The Impact of the removal of Employment Tribunal Fees09 November 2017
A ruling through the Supreme Court in July this year stated that employment tribunal fees are unlawful. This is already beginning to have a significant impact on employers, with the increase in the number of cases now being brought to tribunal.
The review was instigated by Unison after a fee was introduced in 2013 by the Government. At the time, this meant that employees who wanted to go to tribunal and dispute their dismissal from a company had to pay to make their claim, in some cases as much as £1,200.
The impact of this was to make people more reticent about bringing any form of claim and led to a dramatic reduction in the number going to tribunal. Unison went through all the layers of legal action, finding their arguments largely pushed back until the case that reached the Supreme Court this summer.
The Impact of the removal of Employment Tribunal Fees – More Claims
There’s no doubt that the number of claims coming from employees is set to rise because of the ruling. In fact, speaking with colleagues in London, some legal eagles are estimating the increase has already been estimated to be as high as 70% more cases brought to tribunal.
Employers will also need to watch out for claims from those who have less than 2 years’ service, particularly employees who have potentially experienced discrimination or have been involved in whistleblowing activity.
Employers who have already dismissed employees, taking a gamble that they would not bring a claim because of the costs, may also be affected by the ruling. Those with potentially lower value claims might also be emboldened to go to tribunal because the costs have now been removed.
Better Bargaining Positions for Employees
The removal of employment tribunal fees certainly puts employees in a much better bargaining position. Where businesses could afford to wait and see if a particular employee would bring a claim before they offered any settlement (or none at all), the focus will now be on reducing the risk and may well have an impact on the level of settlement agreements in the future, particularly for larger companies.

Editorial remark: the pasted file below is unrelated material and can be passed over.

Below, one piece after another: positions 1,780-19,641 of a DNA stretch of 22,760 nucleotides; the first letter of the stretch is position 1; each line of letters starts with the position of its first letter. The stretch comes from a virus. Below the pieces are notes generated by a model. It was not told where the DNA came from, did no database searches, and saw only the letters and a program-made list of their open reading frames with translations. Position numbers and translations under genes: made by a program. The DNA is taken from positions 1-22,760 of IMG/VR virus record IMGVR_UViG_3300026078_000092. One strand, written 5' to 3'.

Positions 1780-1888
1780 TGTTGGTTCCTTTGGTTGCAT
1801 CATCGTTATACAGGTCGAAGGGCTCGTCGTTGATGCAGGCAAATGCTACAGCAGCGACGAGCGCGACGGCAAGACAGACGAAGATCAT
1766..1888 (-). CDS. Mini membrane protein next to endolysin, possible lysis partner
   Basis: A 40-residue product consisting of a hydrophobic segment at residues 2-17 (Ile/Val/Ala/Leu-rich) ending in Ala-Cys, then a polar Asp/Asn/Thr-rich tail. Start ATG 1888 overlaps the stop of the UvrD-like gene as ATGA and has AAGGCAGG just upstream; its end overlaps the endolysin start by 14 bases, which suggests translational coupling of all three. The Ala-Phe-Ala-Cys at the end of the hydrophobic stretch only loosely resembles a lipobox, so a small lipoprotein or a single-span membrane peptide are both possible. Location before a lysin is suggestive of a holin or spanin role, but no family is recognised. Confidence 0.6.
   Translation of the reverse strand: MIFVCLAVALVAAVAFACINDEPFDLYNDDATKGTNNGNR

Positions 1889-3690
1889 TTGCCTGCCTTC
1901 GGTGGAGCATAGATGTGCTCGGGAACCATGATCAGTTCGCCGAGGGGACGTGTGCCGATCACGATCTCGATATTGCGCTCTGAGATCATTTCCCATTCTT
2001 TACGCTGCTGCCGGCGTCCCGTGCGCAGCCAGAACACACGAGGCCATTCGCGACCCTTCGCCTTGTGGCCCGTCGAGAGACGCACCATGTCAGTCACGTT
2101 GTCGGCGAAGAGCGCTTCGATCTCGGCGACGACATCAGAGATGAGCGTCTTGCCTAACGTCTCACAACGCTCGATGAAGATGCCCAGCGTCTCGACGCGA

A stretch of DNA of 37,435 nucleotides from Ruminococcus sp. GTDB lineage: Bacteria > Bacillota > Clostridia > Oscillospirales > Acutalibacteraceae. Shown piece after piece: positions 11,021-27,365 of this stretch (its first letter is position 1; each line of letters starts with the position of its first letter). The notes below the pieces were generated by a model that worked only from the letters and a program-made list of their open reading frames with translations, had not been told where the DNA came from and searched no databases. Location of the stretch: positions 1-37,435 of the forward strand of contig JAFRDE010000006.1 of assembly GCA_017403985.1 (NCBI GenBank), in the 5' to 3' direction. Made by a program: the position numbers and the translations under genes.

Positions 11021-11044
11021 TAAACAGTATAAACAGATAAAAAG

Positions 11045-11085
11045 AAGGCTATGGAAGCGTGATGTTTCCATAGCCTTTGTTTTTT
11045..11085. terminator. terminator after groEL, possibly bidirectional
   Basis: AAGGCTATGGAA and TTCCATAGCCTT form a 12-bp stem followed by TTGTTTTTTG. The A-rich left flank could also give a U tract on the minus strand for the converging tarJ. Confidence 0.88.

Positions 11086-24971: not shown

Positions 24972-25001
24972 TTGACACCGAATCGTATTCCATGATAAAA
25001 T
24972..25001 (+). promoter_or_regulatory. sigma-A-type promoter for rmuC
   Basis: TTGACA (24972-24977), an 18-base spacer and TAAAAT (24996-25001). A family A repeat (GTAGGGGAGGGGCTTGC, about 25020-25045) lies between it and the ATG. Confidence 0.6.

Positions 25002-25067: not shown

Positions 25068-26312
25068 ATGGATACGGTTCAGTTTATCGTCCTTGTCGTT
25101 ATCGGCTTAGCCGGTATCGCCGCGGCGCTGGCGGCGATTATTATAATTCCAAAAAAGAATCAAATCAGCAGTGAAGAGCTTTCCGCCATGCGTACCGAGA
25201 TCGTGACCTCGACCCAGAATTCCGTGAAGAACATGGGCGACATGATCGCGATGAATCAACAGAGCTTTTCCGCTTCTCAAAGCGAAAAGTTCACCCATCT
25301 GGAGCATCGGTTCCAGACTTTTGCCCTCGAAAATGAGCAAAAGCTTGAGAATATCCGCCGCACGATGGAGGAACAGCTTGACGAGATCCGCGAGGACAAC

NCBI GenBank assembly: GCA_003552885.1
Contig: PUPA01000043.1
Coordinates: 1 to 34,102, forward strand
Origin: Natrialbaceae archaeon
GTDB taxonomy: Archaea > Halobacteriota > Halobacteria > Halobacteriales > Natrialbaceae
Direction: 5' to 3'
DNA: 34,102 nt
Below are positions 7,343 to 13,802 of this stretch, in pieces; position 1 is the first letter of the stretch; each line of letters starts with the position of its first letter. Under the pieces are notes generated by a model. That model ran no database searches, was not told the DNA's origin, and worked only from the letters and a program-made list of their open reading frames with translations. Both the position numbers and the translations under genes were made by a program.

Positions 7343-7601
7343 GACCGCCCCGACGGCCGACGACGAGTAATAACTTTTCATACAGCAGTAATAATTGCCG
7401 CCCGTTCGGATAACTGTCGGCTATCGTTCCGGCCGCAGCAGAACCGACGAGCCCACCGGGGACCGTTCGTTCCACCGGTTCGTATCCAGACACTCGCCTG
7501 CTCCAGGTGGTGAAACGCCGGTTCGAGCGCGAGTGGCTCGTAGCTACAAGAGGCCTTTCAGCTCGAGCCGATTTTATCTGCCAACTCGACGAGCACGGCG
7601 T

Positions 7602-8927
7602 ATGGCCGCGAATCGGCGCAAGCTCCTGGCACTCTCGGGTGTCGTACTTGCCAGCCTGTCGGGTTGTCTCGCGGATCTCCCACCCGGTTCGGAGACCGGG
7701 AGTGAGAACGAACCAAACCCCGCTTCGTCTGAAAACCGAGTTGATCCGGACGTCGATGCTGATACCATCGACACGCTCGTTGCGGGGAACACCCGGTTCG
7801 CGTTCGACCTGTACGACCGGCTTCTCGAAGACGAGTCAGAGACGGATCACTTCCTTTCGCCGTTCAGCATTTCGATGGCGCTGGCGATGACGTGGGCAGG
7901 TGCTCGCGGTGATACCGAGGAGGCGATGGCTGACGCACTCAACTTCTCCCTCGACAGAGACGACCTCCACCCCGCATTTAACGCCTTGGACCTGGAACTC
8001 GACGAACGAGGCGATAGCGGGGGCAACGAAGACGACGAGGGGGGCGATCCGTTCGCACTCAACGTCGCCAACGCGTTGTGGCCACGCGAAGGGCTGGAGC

The decision has also strengthened the position of trade unions and could well lead to employees signing up where before they may have been ambivalent. In turn, this can mean that employees end up being better informed about their rights and what they can claim.
For those who did not bring claims in the past because of the fees system, there is the temptation to now proceed in retrospect because the initial decision has been considered unlawful. While the Supreme Court decision did not cover this directly, there will undoubtedly be some test cases to see how the land lies. Success could pave the way for retrospective claims that will impact on businesses across the board.
The Problem for Employment Tribunals
Over the last few years, employment tribunals have stripped down their provision as demand has reduced. The change in the law means that they must now struggle to get back up to speed. That could mean clogs in the system and major delays in getting tribunals from initial claim through to completion.
Finally, this decision doesn’t mean that tribunal fees have disappeared forever. The Government is already contemplating how lower fees and a different system can be brought into effect and the Supreme Court has already intimated that this could be an option. At the moment, this is being delayed because of the slight majority the Tories have in office and resistance from parties like Labour who are backed by the unions.
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